Humboldt Bay is considered and internationally significant area for migratory birds by both the American Bird Conservancy and the Western Hemisphere Shorebird Reserve Network. Large numbers of waterfowl, shorebirds, wading birds, raptors, and songbirds depend on the habitats the Bay and Refuge provide during all seasons of the year for foraging, roost sites, and breeding. The primary reason the Refuge was established in 1971 was due to the areas importance as wintering and stopover habitat for migratory birds.
Heavy influxes of birds occur during fall and spring months as birds are migrating south and north, respectively through the Pacific Flyway. Over 260 different species of birds have been documented either on the Refuge or in the nearby vicinity. This includes over 34 species of shorebirds exceeding 100,000 birds during migration peaks (Nov and Apr) and 31 species of waterfowl numbering over 75,000 birds. The dune forest and riparian areas found on the Lanphere and Ma-le’l Dunes Units support large numbers of breeding and non-breeding songbirds. These very rare and pristine habitats attract migrants moving up and down the coast.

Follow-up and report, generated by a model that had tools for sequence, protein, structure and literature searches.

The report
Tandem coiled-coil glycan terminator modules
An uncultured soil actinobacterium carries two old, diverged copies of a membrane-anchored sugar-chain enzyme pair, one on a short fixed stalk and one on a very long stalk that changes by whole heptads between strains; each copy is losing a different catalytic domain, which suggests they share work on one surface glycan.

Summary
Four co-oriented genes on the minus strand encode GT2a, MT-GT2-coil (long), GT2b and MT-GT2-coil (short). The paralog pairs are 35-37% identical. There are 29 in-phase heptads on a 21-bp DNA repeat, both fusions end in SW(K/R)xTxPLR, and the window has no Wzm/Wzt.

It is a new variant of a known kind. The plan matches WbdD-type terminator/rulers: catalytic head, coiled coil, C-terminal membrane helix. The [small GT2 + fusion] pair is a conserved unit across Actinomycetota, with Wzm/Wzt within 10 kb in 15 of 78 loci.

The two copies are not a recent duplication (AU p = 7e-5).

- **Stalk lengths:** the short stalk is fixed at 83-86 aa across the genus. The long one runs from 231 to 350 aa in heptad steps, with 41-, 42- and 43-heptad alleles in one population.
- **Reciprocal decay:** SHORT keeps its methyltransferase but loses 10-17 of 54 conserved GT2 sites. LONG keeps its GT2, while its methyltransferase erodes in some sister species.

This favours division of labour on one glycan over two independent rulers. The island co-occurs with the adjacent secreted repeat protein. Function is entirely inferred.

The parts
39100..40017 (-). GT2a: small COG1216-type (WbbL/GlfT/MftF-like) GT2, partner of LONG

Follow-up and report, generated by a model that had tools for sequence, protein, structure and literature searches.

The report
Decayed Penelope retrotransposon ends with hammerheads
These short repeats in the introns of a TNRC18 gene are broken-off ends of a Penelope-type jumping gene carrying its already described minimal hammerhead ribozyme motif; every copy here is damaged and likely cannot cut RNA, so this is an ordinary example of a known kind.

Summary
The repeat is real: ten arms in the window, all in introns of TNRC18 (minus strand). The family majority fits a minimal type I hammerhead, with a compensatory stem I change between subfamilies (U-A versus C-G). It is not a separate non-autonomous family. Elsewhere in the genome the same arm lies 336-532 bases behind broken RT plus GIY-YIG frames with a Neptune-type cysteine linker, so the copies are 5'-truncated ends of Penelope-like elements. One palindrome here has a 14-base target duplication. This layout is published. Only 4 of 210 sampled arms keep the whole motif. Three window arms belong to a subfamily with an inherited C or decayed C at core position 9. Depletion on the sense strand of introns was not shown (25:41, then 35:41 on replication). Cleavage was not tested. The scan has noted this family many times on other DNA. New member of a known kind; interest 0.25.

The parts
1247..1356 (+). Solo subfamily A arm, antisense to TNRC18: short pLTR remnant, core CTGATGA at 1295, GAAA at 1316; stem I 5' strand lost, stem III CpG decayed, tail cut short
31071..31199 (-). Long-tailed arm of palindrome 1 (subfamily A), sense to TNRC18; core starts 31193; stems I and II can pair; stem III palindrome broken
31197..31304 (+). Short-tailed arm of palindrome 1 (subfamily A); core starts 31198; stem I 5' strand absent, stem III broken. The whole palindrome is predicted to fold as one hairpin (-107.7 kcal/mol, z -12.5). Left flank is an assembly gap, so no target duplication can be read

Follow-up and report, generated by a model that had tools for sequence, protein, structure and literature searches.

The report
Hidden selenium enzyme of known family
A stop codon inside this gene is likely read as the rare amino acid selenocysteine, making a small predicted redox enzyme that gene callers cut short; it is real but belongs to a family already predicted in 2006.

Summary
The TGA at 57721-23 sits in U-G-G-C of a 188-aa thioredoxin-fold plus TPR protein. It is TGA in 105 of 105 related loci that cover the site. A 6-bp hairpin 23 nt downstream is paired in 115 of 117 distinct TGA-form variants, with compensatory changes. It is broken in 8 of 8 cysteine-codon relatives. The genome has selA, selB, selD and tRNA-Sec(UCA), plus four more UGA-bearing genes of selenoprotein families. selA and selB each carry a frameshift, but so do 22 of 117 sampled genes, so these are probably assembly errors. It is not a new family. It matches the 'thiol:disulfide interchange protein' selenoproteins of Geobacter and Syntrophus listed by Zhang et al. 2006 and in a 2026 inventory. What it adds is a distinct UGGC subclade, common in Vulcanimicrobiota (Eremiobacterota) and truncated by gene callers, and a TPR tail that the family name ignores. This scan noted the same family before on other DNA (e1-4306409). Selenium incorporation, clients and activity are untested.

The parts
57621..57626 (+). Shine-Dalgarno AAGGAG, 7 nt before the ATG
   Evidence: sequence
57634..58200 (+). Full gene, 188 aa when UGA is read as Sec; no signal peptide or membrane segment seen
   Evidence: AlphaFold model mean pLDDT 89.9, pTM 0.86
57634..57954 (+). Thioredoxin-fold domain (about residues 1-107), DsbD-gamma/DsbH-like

For a list of species and when you may see them in the Humboldt area have a look at our watchable wildlife brochure.